SZA released her debut album to widespread critical acclaim in 2017. Seriously, it was almost entirely unavoidable come the end of the year — 24 major publications listed it in their top 5 albums, with most others placing it at least the very least in the upper half of their EOTY lists. A beacon of vulnerability, Ctrl was a record that seemed to speak a universal language, primarily dealing with commonly experienced themes such as love, sex, and the triumphs and disappointments that come with living, learning and finding out just what hell you’re made of. Package that all into dance-inducing beats and beautiful, glossy R&B melodies delivered by a female POC — it’s easy to see why Ctrl was launched into the highest ranks of our cultural lexicon in 2017. With that said, it should almost go without mentioning that all eyes are on Miss 20 Something to sweep us off our feet once again. In early December, SZA teased us with a snippet of new music via an Instagram post that has since been deleted — suffice it to say, the hype train is running full steam ahead for whatever she’s got in store for us this year, whenever she’s able to release it. As limited as information is about the project currently, this is absolutely something that should be on everybody’s radar if it isn’t already. Keep your eyes peeled, SZA season is coming.

Josh Ritter – Fever Breaks

Release Date: April 26th
Anticipated by: Craig Manning

How do you take one of the best songwriters alive to new heights? Hiring another one of the best songwriters alive is a decent strategy to try. Such is the tactic folk singer/songwriter Josh Ritter is taking for Fever Breaks, his ninth album overall and his fifth this decade. In the producer’s booth is Jason Isbell, who has spent the decade carving his own legacy out of a poignant redemption story and an incredible knack for songwriting detail. Ritter has always had a similar talent. His songs bloom with nuanced characters, complex metaphors, Biblical allusions, and political heft. Fever Breaks is no exception, taking clear inspiration from the Trump presidency and all it has wrought. See the Woody Guthrie-ish “All Some Kind of Dream,” which is simultaneously scathing, heartbreaking, and hopeful. The political subtext of the moment grounds Ritter’s writing and brings out his most urgent music since 2006’s The Animal Years. Helping the urgency is the presence of The 400 Unit, Isbell’s backing band, who give the album an electric, off-the-rails intensity. Isbell himself plays snarling guitar riffs all over this album’s dark, moody songs, while Amanda Shires occasionally steals the show with her ghostly fiddle work. The result is an album not to be missed—an early high water mark for 2019’s music, and an album that feels genuinely “of the moment” from the first time you hear it.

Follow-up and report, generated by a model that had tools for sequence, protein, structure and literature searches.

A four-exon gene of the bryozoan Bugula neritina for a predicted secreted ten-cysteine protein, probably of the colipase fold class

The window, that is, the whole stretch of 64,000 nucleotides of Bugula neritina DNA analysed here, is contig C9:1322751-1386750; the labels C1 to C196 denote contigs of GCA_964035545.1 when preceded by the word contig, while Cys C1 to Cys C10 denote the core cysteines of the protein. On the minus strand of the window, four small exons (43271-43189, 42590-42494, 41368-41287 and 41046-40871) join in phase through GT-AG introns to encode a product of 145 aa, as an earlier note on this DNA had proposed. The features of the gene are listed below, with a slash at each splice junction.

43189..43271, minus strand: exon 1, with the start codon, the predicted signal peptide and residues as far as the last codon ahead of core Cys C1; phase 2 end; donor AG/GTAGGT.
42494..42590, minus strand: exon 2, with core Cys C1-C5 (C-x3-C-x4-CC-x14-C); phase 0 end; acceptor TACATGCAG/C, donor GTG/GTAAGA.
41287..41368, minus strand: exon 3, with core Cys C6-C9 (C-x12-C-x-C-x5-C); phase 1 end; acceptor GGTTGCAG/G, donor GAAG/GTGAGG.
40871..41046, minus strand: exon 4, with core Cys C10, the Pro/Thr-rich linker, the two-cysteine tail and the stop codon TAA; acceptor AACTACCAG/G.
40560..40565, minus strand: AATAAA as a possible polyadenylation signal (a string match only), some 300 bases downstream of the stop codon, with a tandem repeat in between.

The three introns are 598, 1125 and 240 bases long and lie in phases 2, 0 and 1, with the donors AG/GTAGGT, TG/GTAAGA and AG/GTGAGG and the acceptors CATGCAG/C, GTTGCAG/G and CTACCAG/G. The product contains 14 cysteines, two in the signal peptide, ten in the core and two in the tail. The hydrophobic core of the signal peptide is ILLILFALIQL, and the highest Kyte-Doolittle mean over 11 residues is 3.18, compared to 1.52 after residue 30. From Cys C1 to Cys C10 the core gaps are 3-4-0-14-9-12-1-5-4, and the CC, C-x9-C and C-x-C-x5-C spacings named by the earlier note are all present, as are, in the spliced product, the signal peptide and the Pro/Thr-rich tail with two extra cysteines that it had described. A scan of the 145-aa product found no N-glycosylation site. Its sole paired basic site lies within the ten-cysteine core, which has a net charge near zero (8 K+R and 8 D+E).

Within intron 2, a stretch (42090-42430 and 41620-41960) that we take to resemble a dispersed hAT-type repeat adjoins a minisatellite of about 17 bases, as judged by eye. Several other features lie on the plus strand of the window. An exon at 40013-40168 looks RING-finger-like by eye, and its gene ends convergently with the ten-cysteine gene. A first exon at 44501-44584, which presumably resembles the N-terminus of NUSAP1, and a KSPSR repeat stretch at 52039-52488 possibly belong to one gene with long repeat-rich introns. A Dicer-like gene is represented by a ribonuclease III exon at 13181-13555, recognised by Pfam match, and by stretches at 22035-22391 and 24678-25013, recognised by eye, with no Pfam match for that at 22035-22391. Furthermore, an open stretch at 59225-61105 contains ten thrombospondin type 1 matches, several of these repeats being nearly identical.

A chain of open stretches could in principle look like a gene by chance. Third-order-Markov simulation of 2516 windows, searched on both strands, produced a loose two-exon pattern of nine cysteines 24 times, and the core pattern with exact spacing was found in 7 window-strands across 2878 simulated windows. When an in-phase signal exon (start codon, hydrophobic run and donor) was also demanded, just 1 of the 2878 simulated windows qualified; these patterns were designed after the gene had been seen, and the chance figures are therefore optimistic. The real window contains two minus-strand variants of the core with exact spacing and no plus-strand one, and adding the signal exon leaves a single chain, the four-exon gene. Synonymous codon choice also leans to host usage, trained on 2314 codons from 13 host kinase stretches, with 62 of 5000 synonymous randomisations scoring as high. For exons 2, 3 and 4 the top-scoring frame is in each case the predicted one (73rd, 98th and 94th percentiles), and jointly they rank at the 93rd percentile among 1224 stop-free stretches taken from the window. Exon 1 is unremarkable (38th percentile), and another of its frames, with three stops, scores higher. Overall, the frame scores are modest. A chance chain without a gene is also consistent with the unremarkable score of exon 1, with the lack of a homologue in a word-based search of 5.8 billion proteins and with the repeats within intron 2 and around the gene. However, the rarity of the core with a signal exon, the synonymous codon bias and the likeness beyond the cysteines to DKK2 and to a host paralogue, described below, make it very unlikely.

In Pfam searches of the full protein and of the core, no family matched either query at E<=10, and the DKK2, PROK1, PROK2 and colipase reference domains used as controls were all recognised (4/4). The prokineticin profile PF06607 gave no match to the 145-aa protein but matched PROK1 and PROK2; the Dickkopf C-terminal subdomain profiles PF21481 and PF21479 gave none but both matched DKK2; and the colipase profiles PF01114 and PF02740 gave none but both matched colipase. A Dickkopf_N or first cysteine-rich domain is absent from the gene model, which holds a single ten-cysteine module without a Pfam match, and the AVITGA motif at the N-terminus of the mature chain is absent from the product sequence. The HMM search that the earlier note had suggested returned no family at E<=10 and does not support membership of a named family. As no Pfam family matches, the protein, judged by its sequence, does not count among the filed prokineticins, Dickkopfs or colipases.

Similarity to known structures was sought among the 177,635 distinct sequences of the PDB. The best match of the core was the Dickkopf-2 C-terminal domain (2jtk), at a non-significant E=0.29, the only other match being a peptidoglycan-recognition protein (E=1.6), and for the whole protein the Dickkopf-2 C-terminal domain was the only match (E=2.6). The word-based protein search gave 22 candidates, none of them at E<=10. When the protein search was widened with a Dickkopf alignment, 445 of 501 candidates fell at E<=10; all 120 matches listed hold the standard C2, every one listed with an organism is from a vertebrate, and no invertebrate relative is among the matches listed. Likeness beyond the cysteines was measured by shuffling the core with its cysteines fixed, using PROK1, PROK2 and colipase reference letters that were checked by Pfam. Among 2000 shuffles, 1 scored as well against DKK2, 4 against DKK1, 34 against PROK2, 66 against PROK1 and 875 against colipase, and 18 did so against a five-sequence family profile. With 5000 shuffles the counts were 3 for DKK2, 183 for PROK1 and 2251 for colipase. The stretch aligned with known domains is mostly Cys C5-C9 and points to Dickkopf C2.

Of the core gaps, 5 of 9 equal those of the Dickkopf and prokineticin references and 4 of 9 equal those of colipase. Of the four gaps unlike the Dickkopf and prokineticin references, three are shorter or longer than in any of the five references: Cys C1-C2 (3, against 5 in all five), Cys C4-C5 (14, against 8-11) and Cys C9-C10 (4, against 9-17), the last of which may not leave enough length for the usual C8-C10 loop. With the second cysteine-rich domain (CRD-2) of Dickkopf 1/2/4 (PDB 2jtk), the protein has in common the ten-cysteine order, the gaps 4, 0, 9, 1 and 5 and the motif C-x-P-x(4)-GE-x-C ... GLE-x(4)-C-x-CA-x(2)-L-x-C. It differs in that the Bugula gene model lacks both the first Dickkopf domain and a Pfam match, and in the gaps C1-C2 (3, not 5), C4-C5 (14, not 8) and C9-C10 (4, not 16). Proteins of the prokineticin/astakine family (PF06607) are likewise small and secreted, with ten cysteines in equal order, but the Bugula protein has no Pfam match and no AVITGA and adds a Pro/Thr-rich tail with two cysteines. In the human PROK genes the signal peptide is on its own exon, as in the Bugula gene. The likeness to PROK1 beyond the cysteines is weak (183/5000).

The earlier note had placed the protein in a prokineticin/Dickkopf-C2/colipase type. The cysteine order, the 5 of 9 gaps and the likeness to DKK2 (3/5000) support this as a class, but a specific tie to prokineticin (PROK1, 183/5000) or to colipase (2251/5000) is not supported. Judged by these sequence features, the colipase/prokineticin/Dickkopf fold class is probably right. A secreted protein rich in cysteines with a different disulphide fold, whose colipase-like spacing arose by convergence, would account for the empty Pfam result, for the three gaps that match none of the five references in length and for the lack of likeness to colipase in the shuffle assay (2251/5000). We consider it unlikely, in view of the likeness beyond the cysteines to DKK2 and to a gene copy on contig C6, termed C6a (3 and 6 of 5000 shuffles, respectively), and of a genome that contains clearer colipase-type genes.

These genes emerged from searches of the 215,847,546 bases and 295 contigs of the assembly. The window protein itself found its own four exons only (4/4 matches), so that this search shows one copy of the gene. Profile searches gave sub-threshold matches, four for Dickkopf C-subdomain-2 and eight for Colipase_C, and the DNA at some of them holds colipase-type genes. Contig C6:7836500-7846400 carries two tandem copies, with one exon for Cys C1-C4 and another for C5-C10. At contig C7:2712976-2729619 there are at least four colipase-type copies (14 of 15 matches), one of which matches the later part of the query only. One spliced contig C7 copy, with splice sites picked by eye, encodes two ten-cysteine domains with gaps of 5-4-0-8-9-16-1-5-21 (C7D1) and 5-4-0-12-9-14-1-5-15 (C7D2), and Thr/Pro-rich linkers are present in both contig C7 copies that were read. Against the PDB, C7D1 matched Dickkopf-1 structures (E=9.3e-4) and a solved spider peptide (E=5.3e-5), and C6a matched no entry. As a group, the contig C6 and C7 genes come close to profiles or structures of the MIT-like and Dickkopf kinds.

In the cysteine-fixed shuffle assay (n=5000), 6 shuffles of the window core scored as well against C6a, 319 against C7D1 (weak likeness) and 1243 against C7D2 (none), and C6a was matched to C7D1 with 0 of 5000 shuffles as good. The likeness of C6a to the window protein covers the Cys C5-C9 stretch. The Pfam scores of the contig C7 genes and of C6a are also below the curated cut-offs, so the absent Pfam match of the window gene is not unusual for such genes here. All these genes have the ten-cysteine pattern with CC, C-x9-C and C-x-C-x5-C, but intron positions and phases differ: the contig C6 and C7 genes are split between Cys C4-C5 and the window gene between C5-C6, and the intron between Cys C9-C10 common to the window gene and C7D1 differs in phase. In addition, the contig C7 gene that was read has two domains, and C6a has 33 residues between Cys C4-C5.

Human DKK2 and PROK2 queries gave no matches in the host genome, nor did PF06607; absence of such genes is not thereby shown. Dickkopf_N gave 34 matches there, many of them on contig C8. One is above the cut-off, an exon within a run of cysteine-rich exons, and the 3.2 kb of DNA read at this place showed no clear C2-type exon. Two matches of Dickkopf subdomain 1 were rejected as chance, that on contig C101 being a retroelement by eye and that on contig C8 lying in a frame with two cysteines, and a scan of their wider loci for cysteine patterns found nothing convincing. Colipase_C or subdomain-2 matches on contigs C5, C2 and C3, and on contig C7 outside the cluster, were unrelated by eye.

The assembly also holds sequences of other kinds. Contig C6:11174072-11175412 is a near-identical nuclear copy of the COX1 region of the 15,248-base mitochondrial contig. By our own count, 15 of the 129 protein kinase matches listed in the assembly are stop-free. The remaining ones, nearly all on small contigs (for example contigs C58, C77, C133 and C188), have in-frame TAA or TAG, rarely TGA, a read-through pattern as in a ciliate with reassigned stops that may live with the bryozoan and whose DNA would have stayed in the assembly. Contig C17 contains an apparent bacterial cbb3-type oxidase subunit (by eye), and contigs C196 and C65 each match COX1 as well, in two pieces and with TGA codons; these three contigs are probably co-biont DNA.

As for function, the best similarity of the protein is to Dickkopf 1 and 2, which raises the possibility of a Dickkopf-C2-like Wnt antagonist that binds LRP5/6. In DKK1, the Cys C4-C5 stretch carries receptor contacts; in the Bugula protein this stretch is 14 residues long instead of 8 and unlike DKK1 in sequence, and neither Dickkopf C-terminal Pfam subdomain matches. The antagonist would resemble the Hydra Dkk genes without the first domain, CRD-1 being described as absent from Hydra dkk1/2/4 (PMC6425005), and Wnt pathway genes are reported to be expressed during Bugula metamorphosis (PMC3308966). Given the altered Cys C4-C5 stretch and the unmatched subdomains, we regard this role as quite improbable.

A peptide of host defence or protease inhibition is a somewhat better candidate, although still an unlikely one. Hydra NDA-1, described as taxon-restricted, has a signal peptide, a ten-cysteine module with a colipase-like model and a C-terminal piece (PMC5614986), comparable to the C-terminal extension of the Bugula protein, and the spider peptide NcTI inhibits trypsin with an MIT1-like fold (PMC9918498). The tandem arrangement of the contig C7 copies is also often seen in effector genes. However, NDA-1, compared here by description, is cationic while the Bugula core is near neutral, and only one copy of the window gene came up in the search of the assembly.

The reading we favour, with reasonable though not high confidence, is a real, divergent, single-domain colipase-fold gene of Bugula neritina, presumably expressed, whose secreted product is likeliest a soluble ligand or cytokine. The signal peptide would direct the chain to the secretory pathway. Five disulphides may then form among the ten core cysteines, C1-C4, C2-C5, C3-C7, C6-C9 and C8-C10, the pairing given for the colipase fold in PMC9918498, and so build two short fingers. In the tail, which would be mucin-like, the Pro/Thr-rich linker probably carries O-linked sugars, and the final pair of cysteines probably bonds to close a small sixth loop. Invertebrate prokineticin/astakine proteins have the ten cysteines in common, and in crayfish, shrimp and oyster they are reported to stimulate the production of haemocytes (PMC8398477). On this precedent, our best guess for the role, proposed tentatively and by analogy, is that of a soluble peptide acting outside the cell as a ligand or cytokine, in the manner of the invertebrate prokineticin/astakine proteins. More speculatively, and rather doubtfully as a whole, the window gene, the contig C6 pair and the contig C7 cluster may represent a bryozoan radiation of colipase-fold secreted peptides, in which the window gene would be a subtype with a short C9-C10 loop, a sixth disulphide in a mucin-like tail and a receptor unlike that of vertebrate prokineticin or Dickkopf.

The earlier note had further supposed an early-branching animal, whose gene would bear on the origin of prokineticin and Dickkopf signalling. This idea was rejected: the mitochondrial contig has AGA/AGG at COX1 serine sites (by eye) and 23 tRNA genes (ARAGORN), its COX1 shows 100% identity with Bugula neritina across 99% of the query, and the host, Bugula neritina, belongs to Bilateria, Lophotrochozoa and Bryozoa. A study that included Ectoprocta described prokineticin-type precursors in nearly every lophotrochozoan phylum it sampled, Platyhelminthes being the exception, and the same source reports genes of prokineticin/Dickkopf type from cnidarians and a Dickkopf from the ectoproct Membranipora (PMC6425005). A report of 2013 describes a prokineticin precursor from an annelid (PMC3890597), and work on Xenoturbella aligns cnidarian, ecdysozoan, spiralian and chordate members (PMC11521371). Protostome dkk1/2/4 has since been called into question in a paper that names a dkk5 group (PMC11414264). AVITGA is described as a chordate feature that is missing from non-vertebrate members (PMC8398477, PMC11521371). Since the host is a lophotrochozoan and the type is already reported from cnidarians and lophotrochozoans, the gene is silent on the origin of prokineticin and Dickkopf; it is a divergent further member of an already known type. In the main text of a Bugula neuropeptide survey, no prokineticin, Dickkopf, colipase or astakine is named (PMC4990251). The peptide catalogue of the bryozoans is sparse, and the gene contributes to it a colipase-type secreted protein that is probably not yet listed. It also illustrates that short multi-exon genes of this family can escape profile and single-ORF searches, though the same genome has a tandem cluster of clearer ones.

Jimmy Eat World – TBA

Release Date: TBA
Anticipated by: Jason Tate

They’re one of the most consistent bands in any music scene, they’re coming up on their tenth album, and they’re my favorite band of all time. Fuck yeah, I’m excited about their new album. Integrity Blues was a monster of a record that showcased a group two decades into their career putting down a marker that they had no intention of slowing down. They’ve teamed back up with producer Justin Meldal-Johnsen, who I think is a match-made-in-heaven-fit for this band, and if there was ever a band where you kinda just pencil them in as a “must listen to” and “yeah, they’re gonna be fighting for a spot on the best of list at the end of the year,” it’s these guys.

2019 was already a stacked year for music, but any year that becomes a “Jimmy Eat World Year”” is going to be special.

La Dispute – Panorama

Release Date: March 22nd
Anticipated by: Zac Djamoos